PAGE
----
Shanghai’s Anti-Japan Protests – Seen from the streets

Unless you’ve been living under a rock the past week or so, you’ve probably heard something about a tricky little island group called, depending on who you ask, the Senkakus or the Diaoyu Islands.

The Diaoyu Islands (don’t take this as a political statement – this is a China-centric blog, so we’ll call them by their Chinese name) have been included in maps by both Japan and China as far back as the 15th century, but were uninhabited and not claimed until January 1895, when the government of Japan formally claimed the islands. From the website of the Japanese MOFA:

From 1885 on, surveys of the Senkaku Islands had been thoroughly made by the Government of Japan through the agencies of Okinawa Prefecture and by way of other methods. Through these surveys, it was confirmed that the Senkaku Islands had been uninhabited and showed no trace of having been under the control of China. Based on this confirmation, the Government of Japan made a Cabinet Decision on 14 January 1895 to erect a marker on the Islands to formally incorporate the Senkaku Islands into the territory of Japan.

To the best of my understanding, this action was completely in compliance with international law at the time regarding acquiring unclaimed territories. However, China claims that at the time, the Diaoyu Islands were already territory of the Qing Dynasty:

Ever since the early period of the Ming Dynasty (1368-1644), the Diaoyu Islands have been clearly included in the territory and maritime defense sector of China and China’s sovereignty over the islands was recognized by Japan, which used Chinese names to identify the area, until modern times.

Before the middle of the 19th century, various maps published in Japan used the same color to mark China and the Diaoyu Islands.

At the same time, related documents and maps of Britain, France, United States and Spain also showed the Diaoyu Islands belonging to China.

Whichever side is correct, the islands were ceded to Japan in May 1895 as a result of the Treaty of Shimonoseki, which ended the Sino-Japanese War of 1894-95, along with Taiwan and various other subsidiary islands – a fact that both the Japanese and Chinese governments recognize.

During World War II, leaders of the United States, Britain, and China (at the time, representatives of the Republic of China led by Chiang Kai-shek) signed the Cairo Declaration, which stated that all Chinese territories seized by Japan should be returned to China. In 1945, the Potsdam Proclamation which was signed by the US, Britain, the ROC, and the USSR, stipulated that the Cairo Declaration should be carried out.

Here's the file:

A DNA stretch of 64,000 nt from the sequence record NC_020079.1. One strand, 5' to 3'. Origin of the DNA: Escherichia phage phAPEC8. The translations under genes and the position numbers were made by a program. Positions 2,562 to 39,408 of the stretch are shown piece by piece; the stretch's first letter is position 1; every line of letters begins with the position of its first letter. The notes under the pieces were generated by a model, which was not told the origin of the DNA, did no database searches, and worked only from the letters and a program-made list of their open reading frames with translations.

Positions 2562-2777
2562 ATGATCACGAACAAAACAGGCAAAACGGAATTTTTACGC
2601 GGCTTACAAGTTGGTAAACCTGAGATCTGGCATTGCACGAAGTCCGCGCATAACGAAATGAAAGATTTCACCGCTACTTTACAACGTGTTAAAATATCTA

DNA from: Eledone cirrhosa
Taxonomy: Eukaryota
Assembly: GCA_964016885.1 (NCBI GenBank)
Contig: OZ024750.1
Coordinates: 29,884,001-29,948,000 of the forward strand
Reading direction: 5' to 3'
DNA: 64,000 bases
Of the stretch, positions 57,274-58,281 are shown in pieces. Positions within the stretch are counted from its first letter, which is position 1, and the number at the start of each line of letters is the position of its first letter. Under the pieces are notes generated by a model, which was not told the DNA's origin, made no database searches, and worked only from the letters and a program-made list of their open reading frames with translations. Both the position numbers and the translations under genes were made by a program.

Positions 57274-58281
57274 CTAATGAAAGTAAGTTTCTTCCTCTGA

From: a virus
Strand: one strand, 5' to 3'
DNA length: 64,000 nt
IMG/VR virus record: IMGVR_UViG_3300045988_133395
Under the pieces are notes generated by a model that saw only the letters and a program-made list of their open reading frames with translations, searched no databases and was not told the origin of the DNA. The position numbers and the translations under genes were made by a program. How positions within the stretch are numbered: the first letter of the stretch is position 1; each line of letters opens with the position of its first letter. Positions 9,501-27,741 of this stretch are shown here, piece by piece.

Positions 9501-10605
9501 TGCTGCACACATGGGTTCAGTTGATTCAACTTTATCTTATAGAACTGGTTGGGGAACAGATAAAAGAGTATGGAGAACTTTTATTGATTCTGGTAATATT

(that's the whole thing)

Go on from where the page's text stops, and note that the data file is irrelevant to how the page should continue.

All fine and dandy – according to these two documents, the islands should have been returned to China after Japan’s surrender along with Taiwan, the Pescadores, Matzu, Jinmen, etc. However, in 1951 the US and Japan signed the San Francisco Peace Treaty, which officially ended World War II, the islands were to be dealt with as the government of the United States saw fit. The US saw fit to administer the islands as part of Okinawa Prefecture until 1972, when control of the islands was returned to the Japanese government. It is important to note that neither the government of the Republic of China nor the People’s Republic of China were signatories to the Treaty of San Francisco.

The debate over whom the islands should belong to rests on the disagreement between China and Japan over historical control of the islands. China claims that the islands were historically part of China because old documents (including some Japanese documents) say so; Japan claims that the islands were unclaimed before they claimed them in 1895.

The recent attention centered on the islands is the result of the Japanese government’s purchase of the islands from private (Japanese) citizens who owned the islands as a result of having purchased them from the government in 1931 (ownership was returned to the descendants of the original purchasers in 1972). In other words, the islands were Japanese territory that was owned by a private citizen, and the government bought them and made them public land. And, just like that, faster than you can say “wei, guang, zheng,” anti-Japan (反日) protests ignited across China.

Last Monday, I heard about anti-Japan demonstrations that were planned in Shanghai the following day, which was the anniversary of Japan’s occupation of Manchuria in 1931 (which, for China, was the real start of World War II).

The above image was shared on various Chinese websites to promote the demonstrations.